João Pedro Oliveira is well known (at least by a more specialized audience) as one of the most active Portuguese composers, involved both in “pure” electroacoustic music as well as in interactive compositions. In spite of his relatively recent career, he has already composed an important collection of pieces for various solo instruments and electronics. He also strongly criticises the “technological fetish” as one of the main problems turning the focus away from creativity in favour of a mere skilful manipulation of tools. The composer’s aim is to overcome this easy attraction in order to create a personal language. By listening to his piece, "Time Spell" (2004), the second on the CD, one can easily agree that this goal is achieved. This composition presents a feature common to his other interactive pieces: a tight synchronization between the clarinet’s sound events and electronic sounds, with a profusion of constantly moving small gestures. Nevertheless, the result is fluid, with a permanent sense of the "inevitability" between each successive gesture. Throughout the piece, clarinet and electronics explore an extended range of possible interactions: accelerations/decelerations, resonances/decays, triggering relationships, temporal fluctuations, etc. The electroacoustic sounds  often remain in contrast with the clarinet and the interaction between the instrument and electronic sounds is mainly achieved through mutual transfer of gestures, morphologic similarities and spectral interactions. All this creates a continuous, constantly renewed flow between the electronic and acoustic gestures of clarinet, ensuring a strong consistency to the entire musical piece. Nuno Pinto navigates the piece’s intricacies with great skill, achieving the "liberation" of the Clarinet from the “spell of time” by means of a continuous timbric renewal.

With 6 minutes of duration, "Intensités" (2001-2009) by Ricardo Ribeiro, is the most compact piece on the CD. According to the programme notes, the real time electronics is used to expand the acoustic instrument "and never to hide it." In fact, this is a somewhat melodic piece with clarinet gestures irregularly punctuated by electronic sounds. Most of the time, they present a similar morphology to the clarinet, but with a distinct timbre. At 2’25”, a low-pitched electronic layer is abruptly introduced, beginning a transition (at 4’15’’) to a more intense clarinet part. There is an emphasis on trills and techniques that explore the clarinet’s rich timbric possibilities, when subjected to higher breathing pressures. Appropriately, the electronics becomes more passive creating a vast and resonant virtual space that extends the accents thus created. Up to the end of the piece and as stated in the programme note, the composer reintroduces the initial question-answer game between the electronics and clarinet. The global interaction between the clarinet and electronics is relatively simple and the resulting textures may not be as rich as those existent in the previous compositions. But the piece, for its duration, works quite well.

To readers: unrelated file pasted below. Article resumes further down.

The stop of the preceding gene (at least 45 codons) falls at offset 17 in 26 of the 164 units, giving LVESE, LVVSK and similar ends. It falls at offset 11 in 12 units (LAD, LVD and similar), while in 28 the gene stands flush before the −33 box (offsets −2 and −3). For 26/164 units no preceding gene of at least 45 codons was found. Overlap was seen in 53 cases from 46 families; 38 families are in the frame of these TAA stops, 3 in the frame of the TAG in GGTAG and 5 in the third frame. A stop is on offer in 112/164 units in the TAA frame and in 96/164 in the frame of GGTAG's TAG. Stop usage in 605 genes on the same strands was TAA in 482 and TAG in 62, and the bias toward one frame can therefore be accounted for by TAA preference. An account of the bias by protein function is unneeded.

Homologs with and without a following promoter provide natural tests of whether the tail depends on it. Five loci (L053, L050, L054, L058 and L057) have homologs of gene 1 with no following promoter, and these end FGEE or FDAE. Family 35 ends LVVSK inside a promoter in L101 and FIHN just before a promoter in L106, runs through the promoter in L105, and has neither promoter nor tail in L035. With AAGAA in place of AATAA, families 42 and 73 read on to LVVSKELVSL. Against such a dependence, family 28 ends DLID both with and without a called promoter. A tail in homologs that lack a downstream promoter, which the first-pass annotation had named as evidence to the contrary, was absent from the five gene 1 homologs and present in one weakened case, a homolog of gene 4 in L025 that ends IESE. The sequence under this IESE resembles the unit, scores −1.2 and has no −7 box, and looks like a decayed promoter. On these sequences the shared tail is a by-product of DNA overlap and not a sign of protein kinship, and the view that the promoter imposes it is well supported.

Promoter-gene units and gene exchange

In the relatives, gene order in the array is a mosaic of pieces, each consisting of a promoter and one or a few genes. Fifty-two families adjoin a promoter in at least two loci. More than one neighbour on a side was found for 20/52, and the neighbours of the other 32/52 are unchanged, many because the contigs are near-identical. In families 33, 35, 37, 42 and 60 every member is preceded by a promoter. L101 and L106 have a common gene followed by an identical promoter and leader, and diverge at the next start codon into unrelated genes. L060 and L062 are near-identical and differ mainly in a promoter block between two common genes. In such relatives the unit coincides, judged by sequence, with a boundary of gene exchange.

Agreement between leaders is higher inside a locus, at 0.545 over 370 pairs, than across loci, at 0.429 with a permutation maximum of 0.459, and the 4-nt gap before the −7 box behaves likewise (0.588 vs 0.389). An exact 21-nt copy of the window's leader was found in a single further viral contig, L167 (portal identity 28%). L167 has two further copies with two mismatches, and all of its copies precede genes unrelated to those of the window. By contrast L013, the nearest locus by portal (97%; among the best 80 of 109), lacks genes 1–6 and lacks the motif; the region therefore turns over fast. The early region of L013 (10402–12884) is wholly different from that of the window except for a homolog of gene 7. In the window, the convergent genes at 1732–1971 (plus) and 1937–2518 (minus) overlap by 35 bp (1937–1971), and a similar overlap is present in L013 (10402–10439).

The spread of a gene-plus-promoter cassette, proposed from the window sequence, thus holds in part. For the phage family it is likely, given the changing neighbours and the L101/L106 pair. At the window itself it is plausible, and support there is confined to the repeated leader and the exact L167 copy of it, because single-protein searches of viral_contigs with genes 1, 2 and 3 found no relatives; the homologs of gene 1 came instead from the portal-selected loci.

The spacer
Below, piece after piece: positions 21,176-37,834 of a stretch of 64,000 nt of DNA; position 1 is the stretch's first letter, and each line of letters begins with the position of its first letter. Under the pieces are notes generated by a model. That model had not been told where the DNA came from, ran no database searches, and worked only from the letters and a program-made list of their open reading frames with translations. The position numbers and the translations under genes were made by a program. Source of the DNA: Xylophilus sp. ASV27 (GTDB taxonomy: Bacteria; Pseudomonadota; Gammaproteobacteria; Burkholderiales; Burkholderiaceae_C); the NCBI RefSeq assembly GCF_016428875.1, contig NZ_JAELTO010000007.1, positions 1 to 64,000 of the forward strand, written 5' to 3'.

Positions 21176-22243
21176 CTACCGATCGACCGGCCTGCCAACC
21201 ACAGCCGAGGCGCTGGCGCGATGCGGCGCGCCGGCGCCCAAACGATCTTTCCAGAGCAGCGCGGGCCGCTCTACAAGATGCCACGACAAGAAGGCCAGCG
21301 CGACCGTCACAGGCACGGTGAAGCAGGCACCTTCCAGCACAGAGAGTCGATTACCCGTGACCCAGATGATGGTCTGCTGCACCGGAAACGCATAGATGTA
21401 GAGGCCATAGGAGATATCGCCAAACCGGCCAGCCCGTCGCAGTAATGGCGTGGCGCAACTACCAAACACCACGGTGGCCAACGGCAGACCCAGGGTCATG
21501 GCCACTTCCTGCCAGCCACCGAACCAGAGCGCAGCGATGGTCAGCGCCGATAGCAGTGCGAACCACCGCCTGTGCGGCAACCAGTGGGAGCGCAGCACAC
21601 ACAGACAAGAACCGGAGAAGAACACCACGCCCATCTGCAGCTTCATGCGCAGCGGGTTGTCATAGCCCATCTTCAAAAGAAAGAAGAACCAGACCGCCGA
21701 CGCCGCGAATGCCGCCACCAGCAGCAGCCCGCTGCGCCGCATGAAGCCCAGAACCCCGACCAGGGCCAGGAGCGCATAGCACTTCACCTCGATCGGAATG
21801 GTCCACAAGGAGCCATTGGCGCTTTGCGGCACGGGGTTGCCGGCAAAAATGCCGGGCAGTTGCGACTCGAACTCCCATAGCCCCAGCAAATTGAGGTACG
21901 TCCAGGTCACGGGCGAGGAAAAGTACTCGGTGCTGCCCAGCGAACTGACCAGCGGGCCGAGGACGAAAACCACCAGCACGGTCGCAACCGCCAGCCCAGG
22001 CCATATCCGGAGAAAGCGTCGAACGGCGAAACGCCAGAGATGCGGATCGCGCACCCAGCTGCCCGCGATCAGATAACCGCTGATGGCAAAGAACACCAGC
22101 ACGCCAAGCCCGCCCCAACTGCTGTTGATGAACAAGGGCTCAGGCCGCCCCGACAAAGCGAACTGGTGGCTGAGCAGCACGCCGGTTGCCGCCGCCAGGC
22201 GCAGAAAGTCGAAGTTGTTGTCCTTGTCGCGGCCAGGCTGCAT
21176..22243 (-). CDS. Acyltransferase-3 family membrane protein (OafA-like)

The composition "Limiares" (2004) by Carlos Caires, was the result of a commission from CCB (Belém Cultural Centre) for a dance piece with clarinet and electronics. Therefore one can say that this performance has also an invisible and inaudible component. This fact may have influenced the formal construction of the piece, with a clear separation between the clarinet and electronics, which contrasts with other works on the CD. In fact and according to the program notes, "the intention is not to seek for a true integration between the electronics and instrumental world", but to propose "a slow transformation from one to another." Thus, the piece "is a path between two extremes": one corresponding to the first half, in which granulation processes create a cloud of sound grains derived from noisy breath and clarinet key clatter sounds; while the second part introduces clear pitched/clarinet melodic gestures, which gradually rise in register until the sustained high note (F) ending the piece. During the first half the processing mixes low clarinet and electronic sonic grains in one evolving cloud. The grains are sometimes electronically processed by means of resonators, gaining a higher pitched sound quality reminiscent of stroked metal tubes or small glass objects. Thus treated, they establish a set of granular textures contrasting with the more noisy grains of the clarinet. This part of the piece may sound almost like "pure" electroacoustic music, until the introduction (around the 4’15’’ minute mark) of the clarinet’s clear sounds over an electronic inharmonic stratum in the same tone. In the second half, the presence of electronics becomes more focused, cluster-type and also more sparse. It would be interesting to hear the work in the original performance situation. With the visual accompaniment of dance, the piece could gain another quality. However, the deliberate contrast between the clarinet and electronic sounds results in a great aural freshness, making the perception of this realization a quite fruitful one.